[00:25:20] All right. We made it big time. So we got to take a brief sponsor break. And then when we come back, we're going to come back and ask Shane, what's a typical day like look like for him and how he stays motivated. So, folks, I want my knees down on my knees begging you to check out a particular webinar or pass it on to someone who could use it. I mean, it has to do with higher education. If you're considering getting retrained because you hate what you're doing or you want a better life for yourself or your family or if you have kids, nephews, nieces or neighbors who are wondering if they should burn up hundreds of thousands of dollars and then end up broke with mountains of debt and no marketable skills. All right. And competing for jobs at Starbucks. Well, you just got to watch this webinar. I mean, you got nothing to lose and everything to gain from taking a little time out. Visit screwthecommute.com, click on webinars and watch the one on higher education. It's not just me hawking my school. It's a lot of high level education. People telling you what screwed up about the system and how it's really hurting our youth. So check it out at screwthecommute.com and then click on webinars.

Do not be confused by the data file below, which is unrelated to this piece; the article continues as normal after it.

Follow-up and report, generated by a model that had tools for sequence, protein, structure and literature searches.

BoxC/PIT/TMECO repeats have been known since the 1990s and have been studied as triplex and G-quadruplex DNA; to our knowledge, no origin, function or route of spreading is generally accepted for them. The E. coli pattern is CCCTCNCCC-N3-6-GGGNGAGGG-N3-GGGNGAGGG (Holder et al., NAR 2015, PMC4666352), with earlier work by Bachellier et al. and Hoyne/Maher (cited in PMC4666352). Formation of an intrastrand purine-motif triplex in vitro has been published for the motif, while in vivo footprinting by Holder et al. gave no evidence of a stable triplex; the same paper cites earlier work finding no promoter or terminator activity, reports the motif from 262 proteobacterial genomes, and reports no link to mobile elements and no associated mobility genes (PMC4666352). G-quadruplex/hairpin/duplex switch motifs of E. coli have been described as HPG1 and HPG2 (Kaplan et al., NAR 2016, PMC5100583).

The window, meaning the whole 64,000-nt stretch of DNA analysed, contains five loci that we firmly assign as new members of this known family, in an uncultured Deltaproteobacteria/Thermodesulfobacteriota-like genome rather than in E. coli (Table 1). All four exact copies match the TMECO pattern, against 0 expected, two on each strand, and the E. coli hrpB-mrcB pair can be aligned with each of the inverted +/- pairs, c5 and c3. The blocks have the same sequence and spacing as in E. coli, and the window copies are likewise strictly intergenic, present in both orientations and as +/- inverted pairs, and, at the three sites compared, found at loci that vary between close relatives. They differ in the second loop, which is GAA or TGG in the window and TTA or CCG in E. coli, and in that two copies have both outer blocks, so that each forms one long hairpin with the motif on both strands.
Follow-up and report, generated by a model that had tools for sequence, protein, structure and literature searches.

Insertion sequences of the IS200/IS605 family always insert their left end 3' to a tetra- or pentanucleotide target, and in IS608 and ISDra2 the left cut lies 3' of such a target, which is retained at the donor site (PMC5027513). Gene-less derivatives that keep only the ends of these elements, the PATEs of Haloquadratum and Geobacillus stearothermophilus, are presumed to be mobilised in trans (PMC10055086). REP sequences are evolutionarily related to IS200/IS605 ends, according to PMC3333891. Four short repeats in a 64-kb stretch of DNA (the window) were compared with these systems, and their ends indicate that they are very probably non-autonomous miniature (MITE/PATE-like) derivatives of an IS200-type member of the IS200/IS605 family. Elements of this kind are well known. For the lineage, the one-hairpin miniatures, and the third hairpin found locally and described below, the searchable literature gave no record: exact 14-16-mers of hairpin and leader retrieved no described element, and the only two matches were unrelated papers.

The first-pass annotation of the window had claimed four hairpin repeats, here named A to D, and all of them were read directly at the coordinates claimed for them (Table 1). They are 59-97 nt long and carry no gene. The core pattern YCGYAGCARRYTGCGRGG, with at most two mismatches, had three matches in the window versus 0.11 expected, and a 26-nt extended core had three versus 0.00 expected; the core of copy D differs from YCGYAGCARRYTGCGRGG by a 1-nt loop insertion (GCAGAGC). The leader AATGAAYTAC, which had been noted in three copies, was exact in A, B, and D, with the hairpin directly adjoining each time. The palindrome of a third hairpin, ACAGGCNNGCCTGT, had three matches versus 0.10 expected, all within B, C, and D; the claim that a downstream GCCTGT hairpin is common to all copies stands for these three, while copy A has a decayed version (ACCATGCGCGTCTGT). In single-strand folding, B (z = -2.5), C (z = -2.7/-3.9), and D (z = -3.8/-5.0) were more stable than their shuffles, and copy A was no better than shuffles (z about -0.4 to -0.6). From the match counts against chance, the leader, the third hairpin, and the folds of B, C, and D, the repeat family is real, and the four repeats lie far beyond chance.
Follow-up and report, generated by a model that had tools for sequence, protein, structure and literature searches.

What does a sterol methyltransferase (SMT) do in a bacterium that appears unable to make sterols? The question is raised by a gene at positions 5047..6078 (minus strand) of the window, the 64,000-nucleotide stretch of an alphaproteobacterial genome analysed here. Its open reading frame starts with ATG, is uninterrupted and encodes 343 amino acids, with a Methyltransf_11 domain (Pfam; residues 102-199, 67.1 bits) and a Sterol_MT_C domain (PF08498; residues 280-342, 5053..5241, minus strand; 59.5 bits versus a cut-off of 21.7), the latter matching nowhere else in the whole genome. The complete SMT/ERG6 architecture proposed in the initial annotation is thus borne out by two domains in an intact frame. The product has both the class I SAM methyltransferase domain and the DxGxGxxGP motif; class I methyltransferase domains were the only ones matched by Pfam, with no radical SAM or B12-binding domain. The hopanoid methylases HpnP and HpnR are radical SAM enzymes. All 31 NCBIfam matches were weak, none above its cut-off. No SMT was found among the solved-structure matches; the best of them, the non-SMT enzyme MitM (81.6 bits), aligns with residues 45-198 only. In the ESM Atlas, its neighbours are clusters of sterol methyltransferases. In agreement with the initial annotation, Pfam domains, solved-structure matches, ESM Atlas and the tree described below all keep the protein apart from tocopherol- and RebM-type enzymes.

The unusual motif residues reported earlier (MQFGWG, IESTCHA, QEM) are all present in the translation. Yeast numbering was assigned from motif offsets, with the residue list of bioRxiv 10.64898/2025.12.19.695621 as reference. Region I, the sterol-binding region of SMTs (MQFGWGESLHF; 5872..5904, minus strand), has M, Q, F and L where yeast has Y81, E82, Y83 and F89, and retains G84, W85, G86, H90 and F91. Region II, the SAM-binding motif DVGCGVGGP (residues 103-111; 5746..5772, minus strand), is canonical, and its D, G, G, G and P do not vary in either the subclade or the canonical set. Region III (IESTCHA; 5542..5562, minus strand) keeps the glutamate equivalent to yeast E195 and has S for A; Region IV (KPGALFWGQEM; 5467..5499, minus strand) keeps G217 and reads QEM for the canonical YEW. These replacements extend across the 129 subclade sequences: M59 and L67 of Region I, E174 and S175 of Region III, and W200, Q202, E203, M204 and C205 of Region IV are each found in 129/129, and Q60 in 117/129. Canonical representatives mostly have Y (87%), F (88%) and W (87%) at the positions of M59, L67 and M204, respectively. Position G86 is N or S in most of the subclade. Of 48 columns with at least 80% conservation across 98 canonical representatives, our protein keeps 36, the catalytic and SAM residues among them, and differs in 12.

[00:26:36] All right, let's get back to the main event. Shane Willis is here, suffered a devastating loss in the in the real estate crash in the 07 area, 08 area. But climbed back and realized how other people could be in the same situation and devised the program. That's a win win for everybody. So so make sure you check out his show notes and go over and check out his program. Shane, what's a typical day look like for you right now?